When I was growing up in the fifties and sixties, my mother had a beauty shop right next to our house. It was convenient for her to work in all of her customers while cooking, doing laundry, and taking care of her children at the same time. She had a career and was a full-time mother, all in one handy place. The setup was also great for my sisters and me who often served as waitresses, bringing hot coffee and usually a slice of Mama’s gateau du jour to the ladies as they sat under the dryer and read the most recent issue of McCall’s or Life Magazine. Some of my richest memories are of those women who came in for their weekly shampoo and set and shared a bit of their lives with us.
Among my favorites were Viva and Bella, a pair of elderly sisters who came with the same regularity as Sunday morning Mass. I didn’t have to see them to know they’d arrived; I could always hear Bella’s standard greeting: “Oh, Gawd!” It was her way of letting us know that she was suffering. I learned pretty quickly that you didn’t dare ask her what was wrong, or that would trigger a recitation of her litany of ailments, a monologue that could well last the entire hour they were there. It always amazed me that a woman who was in such pain had no trouble whatsoever describing her woes without skipping a beat. Best of all, though, were the stories Viva and Bella told us about their baby, Pattie (pronounced Pat-TEE). Pattie was not human, but she really should have been. She did everything but talk. That little rat terrier had probably never seen another dog, so she thought she was folks. When coffee time arrived at their house, Bella and Viva always set the little dog’s cup on the floor. If Pattie sulked and turned away, Bella was sure to rub it in that Viva had put in two sugars when she knew darn good and well that Pattie liked only one. When the concoction was just to her taste, she’d slurp up the hot liquid and then retire to her own little cushion where she could savor the latest gossip or watch the soaps, standard fare at Viva’s and Bella’s house, usually playing at full volume until the walls shook. (Both ladies had a hearing problem). I expect that Pattie eventually got one too after being exposed to such ear-splitting volumes for so long. Viva, Bella, and Pattie—what a threesome. They were far more entertaining than anything we could find around the house, so when they showed up, we usually piled into the beauty shop to enjoy their company. Too bad that current kids who are stuck to MTV and that boring line-up of belly-dancing babes don’t have a Viva, Bella, and Pattie in their lives. They’d find out what character really means.
And speaking of character, I’d be remiss if I didn’t mention Miss Aline. She had character PLUS. Rings on her fingers, fancy scarves around her neck, high heel shoes, and lots of rouge—she didn’t go anywhere without that equipment! When she came to Mama’s shop, she never came alone. Unlike Viva, she didn’t come with her sister—she came with her Styrofoam head! It sported a fancy wiglet which got the same shampoo and set she got and which left Mama’s shop all dolled up and ready to go. It was Miss Aline’s emergency coiffeur, the one she popped onto her locks when her natural curls went flat at mid-week, between hair appointments. I always got a kick out of seeing it setting pretty under its own dryer right next to Miss Aline and her dryer. Sometimes, I wanted to offer it a cup of coffee and a piece of cake and ask if it was comfortable.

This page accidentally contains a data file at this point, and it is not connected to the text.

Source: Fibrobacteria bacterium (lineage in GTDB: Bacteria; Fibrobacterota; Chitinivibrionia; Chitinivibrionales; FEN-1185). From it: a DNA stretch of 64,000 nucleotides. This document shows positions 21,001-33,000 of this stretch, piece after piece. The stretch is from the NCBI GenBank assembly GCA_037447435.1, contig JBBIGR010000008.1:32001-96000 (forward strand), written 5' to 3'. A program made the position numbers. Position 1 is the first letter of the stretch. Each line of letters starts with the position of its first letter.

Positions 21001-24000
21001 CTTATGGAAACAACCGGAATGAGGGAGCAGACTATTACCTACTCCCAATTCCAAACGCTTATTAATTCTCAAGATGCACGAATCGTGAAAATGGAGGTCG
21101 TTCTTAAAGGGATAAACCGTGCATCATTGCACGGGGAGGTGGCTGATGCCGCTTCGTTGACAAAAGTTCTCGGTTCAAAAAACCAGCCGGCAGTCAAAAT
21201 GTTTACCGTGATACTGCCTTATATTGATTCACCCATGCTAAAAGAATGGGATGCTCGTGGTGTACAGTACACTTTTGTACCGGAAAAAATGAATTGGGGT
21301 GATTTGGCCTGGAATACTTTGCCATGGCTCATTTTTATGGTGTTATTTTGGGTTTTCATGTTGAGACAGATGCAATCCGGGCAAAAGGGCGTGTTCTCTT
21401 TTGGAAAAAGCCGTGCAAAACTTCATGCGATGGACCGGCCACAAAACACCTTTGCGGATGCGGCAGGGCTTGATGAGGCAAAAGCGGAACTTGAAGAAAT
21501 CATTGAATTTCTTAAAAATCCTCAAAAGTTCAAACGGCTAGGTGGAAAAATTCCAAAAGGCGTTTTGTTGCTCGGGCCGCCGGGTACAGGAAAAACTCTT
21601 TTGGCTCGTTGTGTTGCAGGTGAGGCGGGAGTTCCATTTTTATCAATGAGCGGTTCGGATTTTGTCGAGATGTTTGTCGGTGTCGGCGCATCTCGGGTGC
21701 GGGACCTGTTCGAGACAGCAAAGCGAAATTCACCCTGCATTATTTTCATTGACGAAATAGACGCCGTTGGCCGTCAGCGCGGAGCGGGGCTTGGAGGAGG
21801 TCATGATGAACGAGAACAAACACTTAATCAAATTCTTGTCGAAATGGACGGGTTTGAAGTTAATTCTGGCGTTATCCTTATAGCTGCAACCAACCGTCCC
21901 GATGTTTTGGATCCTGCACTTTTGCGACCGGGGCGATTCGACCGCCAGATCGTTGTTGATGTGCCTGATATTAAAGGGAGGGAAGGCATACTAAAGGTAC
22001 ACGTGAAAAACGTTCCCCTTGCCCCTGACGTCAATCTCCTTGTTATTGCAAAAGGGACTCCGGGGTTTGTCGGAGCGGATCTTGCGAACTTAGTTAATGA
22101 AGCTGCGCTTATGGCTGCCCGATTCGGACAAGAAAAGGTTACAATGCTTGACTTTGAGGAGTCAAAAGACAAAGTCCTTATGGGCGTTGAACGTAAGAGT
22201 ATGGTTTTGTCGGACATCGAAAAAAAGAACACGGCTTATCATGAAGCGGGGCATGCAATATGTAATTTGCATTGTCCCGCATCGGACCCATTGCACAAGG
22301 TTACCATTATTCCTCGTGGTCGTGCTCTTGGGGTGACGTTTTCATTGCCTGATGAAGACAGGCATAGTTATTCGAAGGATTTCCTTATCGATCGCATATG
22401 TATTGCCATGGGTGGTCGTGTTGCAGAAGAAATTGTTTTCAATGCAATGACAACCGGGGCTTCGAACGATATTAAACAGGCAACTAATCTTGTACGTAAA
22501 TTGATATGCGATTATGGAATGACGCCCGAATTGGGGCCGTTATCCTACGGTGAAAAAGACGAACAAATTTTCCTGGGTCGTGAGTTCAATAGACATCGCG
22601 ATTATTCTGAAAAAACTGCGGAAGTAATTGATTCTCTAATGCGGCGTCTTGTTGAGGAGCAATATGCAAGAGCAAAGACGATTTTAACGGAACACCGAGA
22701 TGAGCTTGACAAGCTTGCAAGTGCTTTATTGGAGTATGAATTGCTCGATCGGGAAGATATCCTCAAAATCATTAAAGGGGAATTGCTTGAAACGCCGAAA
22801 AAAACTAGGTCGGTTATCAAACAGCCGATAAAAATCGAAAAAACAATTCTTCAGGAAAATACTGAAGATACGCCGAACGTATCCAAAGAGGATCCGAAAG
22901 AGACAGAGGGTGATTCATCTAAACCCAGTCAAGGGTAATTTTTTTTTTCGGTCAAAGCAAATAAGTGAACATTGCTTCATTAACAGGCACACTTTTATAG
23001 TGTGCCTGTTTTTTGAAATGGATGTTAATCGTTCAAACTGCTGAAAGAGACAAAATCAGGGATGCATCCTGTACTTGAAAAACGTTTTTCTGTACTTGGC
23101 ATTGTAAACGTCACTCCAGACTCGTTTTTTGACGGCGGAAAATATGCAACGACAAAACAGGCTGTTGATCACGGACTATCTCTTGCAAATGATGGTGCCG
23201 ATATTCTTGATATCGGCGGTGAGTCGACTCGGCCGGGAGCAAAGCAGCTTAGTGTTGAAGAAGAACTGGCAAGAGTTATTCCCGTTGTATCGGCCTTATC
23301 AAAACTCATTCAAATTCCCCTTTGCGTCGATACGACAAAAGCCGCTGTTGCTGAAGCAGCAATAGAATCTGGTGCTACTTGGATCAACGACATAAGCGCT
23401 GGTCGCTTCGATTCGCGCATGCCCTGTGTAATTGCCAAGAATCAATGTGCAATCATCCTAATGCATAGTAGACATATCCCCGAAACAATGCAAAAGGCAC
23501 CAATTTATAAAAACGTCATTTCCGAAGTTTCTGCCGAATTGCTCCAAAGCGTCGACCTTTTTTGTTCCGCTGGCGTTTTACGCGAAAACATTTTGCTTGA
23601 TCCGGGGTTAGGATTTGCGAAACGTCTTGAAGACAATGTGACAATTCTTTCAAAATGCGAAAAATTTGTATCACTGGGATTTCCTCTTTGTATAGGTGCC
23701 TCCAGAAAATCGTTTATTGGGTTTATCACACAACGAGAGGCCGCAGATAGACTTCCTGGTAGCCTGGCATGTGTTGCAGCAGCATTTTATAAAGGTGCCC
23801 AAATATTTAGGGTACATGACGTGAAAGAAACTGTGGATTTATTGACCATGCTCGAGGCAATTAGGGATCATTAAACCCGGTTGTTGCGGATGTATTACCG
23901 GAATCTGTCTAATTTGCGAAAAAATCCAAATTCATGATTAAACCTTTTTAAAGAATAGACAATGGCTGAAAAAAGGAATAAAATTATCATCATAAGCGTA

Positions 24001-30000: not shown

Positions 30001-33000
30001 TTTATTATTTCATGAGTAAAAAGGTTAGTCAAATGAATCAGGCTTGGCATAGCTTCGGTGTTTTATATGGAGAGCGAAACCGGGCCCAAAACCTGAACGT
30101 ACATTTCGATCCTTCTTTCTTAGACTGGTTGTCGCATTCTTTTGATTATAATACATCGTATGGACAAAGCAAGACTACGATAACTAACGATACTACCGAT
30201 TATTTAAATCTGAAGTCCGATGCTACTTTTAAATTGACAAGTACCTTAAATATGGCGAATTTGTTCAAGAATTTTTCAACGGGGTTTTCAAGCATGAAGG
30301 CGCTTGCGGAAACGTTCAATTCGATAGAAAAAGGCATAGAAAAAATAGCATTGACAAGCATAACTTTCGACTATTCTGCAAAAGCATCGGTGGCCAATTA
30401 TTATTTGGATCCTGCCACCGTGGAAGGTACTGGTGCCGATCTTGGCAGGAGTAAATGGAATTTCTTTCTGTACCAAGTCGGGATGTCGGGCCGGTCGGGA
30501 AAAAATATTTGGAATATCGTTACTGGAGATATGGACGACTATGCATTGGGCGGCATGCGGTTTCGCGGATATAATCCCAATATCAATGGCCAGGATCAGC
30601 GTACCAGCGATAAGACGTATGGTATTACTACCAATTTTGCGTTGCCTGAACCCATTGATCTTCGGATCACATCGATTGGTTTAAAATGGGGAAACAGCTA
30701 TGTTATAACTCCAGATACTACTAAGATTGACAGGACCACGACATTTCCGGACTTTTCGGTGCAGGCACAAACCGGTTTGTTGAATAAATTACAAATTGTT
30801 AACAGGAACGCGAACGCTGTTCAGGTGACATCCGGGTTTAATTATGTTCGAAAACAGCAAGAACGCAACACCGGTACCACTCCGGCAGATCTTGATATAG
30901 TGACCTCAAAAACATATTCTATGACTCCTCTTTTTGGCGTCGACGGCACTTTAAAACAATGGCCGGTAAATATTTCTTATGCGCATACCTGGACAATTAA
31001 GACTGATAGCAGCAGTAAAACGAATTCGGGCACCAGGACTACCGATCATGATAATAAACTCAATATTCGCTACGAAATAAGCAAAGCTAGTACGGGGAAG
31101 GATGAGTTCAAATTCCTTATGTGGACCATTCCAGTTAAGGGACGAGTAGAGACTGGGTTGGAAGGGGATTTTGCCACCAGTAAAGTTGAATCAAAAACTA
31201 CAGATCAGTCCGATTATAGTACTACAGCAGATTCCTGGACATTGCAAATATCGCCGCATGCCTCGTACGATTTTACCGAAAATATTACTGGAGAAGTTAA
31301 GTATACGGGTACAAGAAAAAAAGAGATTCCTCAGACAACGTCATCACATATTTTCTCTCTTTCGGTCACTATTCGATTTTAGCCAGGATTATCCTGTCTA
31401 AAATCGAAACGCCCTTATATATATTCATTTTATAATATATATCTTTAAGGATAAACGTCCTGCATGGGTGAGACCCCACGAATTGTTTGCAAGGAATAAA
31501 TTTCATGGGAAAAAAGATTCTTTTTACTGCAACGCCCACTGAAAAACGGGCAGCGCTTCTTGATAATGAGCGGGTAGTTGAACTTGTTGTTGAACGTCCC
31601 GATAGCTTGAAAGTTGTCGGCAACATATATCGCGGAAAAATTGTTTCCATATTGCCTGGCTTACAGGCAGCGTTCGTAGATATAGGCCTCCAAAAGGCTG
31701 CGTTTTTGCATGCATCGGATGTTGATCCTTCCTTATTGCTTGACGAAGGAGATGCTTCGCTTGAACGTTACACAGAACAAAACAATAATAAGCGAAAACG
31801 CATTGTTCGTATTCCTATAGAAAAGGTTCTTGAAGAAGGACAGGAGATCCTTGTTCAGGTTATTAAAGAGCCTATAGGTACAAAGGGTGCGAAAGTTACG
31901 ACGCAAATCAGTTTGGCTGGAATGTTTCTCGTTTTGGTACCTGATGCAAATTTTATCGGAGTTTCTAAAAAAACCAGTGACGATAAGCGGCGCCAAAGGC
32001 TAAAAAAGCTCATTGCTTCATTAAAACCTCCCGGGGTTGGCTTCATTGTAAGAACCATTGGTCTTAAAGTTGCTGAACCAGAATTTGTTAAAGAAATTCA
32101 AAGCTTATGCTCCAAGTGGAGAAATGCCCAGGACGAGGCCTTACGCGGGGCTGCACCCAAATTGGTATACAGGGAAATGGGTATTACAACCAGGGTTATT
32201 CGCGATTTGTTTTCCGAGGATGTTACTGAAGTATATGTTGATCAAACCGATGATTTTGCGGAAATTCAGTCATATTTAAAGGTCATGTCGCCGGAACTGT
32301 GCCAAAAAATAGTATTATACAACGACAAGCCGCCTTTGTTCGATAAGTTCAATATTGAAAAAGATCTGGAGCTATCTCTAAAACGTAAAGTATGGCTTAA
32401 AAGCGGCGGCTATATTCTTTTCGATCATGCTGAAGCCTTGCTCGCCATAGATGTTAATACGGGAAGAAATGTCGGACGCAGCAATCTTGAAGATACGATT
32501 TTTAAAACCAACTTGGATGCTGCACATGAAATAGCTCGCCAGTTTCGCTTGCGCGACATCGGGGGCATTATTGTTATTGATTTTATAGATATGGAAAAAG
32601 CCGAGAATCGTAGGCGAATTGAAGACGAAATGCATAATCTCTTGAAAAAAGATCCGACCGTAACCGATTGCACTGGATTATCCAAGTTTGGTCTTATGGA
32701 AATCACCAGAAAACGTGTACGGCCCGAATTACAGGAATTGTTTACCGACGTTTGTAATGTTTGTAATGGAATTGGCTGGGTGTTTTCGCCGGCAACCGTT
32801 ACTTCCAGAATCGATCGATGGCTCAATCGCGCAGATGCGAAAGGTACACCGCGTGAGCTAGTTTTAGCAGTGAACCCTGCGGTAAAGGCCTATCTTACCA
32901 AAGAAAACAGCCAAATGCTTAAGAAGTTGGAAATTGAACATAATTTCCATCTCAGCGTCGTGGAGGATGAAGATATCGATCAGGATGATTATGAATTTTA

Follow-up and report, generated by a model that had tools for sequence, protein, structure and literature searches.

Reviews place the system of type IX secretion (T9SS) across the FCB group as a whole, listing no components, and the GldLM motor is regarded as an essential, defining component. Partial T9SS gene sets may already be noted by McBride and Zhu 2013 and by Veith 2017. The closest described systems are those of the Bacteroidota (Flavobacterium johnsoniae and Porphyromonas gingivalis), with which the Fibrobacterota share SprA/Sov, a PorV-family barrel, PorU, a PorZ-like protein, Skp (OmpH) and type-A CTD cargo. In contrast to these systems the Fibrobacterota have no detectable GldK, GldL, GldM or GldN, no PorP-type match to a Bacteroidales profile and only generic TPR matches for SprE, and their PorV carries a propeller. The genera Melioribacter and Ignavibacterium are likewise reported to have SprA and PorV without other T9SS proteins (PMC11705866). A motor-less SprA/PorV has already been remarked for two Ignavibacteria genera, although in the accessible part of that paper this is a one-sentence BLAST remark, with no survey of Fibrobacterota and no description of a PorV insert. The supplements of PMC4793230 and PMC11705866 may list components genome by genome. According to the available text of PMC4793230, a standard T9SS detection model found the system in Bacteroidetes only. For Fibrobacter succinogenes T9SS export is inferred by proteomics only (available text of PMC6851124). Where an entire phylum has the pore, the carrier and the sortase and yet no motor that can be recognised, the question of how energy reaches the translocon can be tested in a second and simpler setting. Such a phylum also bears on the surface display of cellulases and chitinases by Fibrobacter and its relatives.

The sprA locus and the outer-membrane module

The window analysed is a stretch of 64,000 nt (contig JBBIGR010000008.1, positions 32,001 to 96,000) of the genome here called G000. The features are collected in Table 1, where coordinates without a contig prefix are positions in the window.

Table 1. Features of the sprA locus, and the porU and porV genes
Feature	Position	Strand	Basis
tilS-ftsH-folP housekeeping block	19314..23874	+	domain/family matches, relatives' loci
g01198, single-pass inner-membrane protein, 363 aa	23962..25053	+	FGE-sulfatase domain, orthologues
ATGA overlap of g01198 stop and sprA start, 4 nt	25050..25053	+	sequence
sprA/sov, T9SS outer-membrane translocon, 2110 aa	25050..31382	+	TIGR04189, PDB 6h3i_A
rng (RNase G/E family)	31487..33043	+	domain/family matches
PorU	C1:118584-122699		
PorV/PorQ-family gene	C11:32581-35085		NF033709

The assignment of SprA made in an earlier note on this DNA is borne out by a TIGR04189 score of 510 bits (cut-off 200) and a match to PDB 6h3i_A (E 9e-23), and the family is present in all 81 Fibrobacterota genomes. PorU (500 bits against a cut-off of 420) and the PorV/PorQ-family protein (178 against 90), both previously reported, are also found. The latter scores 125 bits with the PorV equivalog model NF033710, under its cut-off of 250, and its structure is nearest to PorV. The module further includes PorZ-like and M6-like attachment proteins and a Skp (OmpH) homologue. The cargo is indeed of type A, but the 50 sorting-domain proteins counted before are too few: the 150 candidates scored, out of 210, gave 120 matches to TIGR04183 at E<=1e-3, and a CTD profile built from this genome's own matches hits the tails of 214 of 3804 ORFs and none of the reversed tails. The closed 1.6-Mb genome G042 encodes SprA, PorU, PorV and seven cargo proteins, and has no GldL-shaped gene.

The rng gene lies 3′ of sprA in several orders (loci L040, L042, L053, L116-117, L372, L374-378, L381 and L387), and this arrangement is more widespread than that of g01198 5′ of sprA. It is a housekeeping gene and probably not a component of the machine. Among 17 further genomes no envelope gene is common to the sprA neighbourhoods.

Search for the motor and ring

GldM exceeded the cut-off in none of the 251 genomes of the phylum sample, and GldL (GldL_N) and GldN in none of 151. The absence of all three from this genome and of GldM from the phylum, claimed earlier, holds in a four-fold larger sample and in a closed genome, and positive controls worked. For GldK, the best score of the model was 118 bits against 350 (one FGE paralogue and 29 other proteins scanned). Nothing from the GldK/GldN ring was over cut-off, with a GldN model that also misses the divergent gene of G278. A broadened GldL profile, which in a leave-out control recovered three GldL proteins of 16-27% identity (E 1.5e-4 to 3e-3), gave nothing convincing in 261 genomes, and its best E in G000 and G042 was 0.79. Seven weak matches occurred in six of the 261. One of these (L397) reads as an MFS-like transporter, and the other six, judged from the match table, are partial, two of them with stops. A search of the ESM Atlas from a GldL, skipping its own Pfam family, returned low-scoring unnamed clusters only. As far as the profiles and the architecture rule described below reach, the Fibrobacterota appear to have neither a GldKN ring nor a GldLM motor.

Then, there was Miss Ida. I loved her primarily because of her false teeth. They were an awful fit, but they made for interesting viewing by a child of my age. When Miss Ida talked, her dentures moved and clicked. It was almost as though they had a life of their own. I thought they would have been excellent Hollywood material, a duo sort of like Charlie McCartney and Edgar Bergen. I could just picture them in lights! Miss Ida and her teeth! She’d talk; they’d pop out and answer her. It wasn’t just her dentures, though, that I found endearing about Miss Ida. I loved her absent-mindedness. I thought I was the queen of distractedness until I met her. She entertained us with her tales about losing her car in the parking lot. “I got so tired of doing that, I finally put a red glove on the antenna. I love the way it waves to everybody along the road,” she and her teeth rattled on one day. Then, she told us about her forgetfulness and how it gave her fits when her son’s wedding day was approaching. She had packed her suitcases, locked them up, and then forgotten where she’d hidden the key. To make matters worse, she realized that the wedding wasn’t until the following week. “All I could think of was how I’d survive for the next seven days without my Noxzema,” she wailed. I still don’t know why she thought the key would show up when it was time to leave for the wedding; I never figured it out, but I enjoyed hearing her clickety chatter nonetheless.
I am so happy Mama had her beauty shop right next to our house. We are richer for it, not monetarily, but socially and psychologically. We met so many people during those days, shared in their everyday trials and triumphs, laughed with them, cried with them, and learned from them. The beauty shop was so much more than shampoo, hair rollers, combs, and perms. It was even more than steaming hot coffee served with coconut cake or pecan pie. It was a slice of life, rich and hearty and nourishing to the soul. It remains a part of who I am today. Thank you, Viva and Bella and Pattie, Miss Aline, and Miss Ida, and thank you, Mama, for making it all possible.